I said hello to the 3 horn players standing around (between 17-22 years old), and they asked me for lessons. I said sure, and suggested later in the morning. Then I found an empty room, ducked in as quickly as possible hoping no one would see me, took out my horn, and started warming up. It was so great to play again! To be in a room alone with my horn! And then, not 2 minutes later, the door opened and all of the horn players walked in. They didn't say anything, just came in with their horns and sort of stood there, waiting for me to say or do something. I finally understood that they wanted me to teach them or play for them. Fortunately, I had some quartets and we started by playing quartets together.

But I was back in the "sauna" without a towel. I kept thinking, “No! I need more time alone to warm up! This is not good for me! I don't want them to hear me before I've played a little more! I won't be able to teach them as well if I don't have a few minutes alone!” But, like in Vienna, I decided to put on a poker face and pretend like I'm as confident as ever on my horn (walking naked into a co-ed sauna).

Slowly, I realized that playing quartets was the perfect way to warm up. You get to blend with other peoples' sounds, work on articulation by trying to match what everyone is doing musically, and play beautiful music first thing in the day.

That same day, I got the music for Prokoviev and Wagner, which I'd be playing in the Orchestra Symphonica Juvenil de Lara (the top youth orchestra in Barquisimeto) later that week. I needed to practice, so after teaching lessons to the 3 horn players, I said, “OK, I need to practice now.” I thought they'd understand that I needed some space, but instead, they all stood around looking at me while I went through the music. Finally, I turned to them and said, “This is weird. Can one of you please play along?” And so Daniela, the only woman brass player in the orchestra, played along with me. Practicing had never been more fun.

A couple of days later, they said they'd like to do a group warm-up with me. Again, the panic (“but I need to sneak a warm-up by myself first so that I'm ready to play with them.” Or, “if I just keep my towel around me the whole time, no one will notice.”) Again, the letting-go and just going for it. And again, that feeling of dismay that I hadn't done this my whole life. It felt great! Playing long warm beautiful tones with 4 other people, echoing each other, commenting on sound quality or the dynamics. It was like a prayer, like singing a song you love with people who love that song, too.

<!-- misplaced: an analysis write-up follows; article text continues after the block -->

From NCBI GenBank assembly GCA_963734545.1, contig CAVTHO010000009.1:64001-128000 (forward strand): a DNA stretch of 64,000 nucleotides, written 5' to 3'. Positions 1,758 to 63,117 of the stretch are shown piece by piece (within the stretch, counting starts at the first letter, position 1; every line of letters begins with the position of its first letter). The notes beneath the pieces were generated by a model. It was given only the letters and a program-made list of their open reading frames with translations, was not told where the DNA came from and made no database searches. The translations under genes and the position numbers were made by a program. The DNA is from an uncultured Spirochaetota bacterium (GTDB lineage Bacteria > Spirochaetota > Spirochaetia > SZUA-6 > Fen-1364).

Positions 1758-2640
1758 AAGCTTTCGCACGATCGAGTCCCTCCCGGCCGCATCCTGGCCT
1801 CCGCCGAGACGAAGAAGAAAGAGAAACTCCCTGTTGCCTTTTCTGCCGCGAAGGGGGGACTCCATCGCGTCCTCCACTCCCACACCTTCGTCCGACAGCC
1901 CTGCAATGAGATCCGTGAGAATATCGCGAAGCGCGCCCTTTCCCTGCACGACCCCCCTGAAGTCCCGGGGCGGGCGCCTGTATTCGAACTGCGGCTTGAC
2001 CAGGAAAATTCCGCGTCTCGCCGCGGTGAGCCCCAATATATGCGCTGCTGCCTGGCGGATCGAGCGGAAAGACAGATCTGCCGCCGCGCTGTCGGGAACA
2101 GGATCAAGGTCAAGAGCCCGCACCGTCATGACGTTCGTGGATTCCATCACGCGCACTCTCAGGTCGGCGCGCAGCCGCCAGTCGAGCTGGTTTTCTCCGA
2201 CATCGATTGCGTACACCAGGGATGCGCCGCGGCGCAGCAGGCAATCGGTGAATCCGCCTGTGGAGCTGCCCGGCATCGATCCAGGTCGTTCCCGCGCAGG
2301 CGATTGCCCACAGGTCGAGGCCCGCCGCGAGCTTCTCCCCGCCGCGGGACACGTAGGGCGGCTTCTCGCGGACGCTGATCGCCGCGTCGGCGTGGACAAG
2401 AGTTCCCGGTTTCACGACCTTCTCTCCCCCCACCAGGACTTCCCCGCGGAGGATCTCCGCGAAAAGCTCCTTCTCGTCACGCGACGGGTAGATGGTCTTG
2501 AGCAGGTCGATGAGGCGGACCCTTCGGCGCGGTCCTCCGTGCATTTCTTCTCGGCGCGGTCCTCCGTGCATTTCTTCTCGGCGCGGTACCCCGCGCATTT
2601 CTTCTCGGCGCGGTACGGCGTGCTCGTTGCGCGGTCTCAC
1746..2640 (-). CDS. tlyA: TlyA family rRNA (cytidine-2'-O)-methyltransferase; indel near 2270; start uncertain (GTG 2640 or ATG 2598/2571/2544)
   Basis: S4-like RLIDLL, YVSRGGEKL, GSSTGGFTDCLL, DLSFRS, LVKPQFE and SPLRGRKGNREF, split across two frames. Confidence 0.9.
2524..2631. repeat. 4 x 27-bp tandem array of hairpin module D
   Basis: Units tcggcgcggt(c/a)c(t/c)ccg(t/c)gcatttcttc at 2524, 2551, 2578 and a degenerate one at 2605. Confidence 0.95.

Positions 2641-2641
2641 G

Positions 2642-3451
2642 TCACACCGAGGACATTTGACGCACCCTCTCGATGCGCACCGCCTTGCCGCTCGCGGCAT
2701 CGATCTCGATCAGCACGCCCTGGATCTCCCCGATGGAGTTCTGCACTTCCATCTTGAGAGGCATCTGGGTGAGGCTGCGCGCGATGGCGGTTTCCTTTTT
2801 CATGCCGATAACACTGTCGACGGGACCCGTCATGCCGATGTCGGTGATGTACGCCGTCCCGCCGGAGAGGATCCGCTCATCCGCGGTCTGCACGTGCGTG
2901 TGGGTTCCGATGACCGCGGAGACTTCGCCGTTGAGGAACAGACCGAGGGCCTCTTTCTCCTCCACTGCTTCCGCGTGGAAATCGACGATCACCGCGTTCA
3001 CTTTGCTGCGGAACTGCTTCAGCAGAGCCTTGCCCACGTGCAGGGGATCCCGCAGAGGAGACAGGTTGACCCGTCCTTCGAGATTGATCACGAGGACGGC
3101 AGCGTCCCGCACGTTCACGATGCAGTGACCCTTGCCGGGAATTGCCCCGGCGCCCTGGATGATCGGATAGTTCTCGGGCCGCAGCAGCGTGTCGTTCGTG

Suddenly, feeling naked felt like the most natural thing in the world. I wanted to play in groups as often as possible. To go back through my music education and insist with all of the musicians I knew that we warm up together, practice together, learn from each other as our best resources for growing.

My awakening really came during the orchestra rehearsals and concert: group learning has affected every aspect of these horn players' lives. They have been playing together for many, many years. They know each others' musical backgrounds, and they know each others' families. They have gone through hardships together, they have been there for each other over the years. They watch out for each other. Their competition is positive (according to what they tell me). They constantly strive to get better to try and surpass their friends, as a fun and spirited competition among friends.

And the evidence was in the sound of the orchestra. They move together as a section effortlessly. They're constantly listening to each other in a highly sophisticated way, making minor adjustments based on what they hear, giving each other feedback (not as colleagues finding the most diplomatic way to communicate musical decisions, but as buddies who are looking out for each other and for the orchestra as a whole).

So my big naked question: What would a program like this (rigorous musical group learning) look like for teenagers in the States? Particularly for at-risk teens, how can a program like El Sistema instill a sense of positive community among youth, and from youth to their own communities? Imagine teenagers around the country with as much love for one another and for their communities, with sophisticated communication skills, and with a burning desire to strive for excellence as the kids we met in Barquisimeto. What would it take to create an environment like summer music camp, like El Sistema in Barquisimeto, all year long?


  1. Love this! Thanks for sharing this, Jen! Here's to being naked/vulnerable in the global "sauna" -- no matter where we are in the world.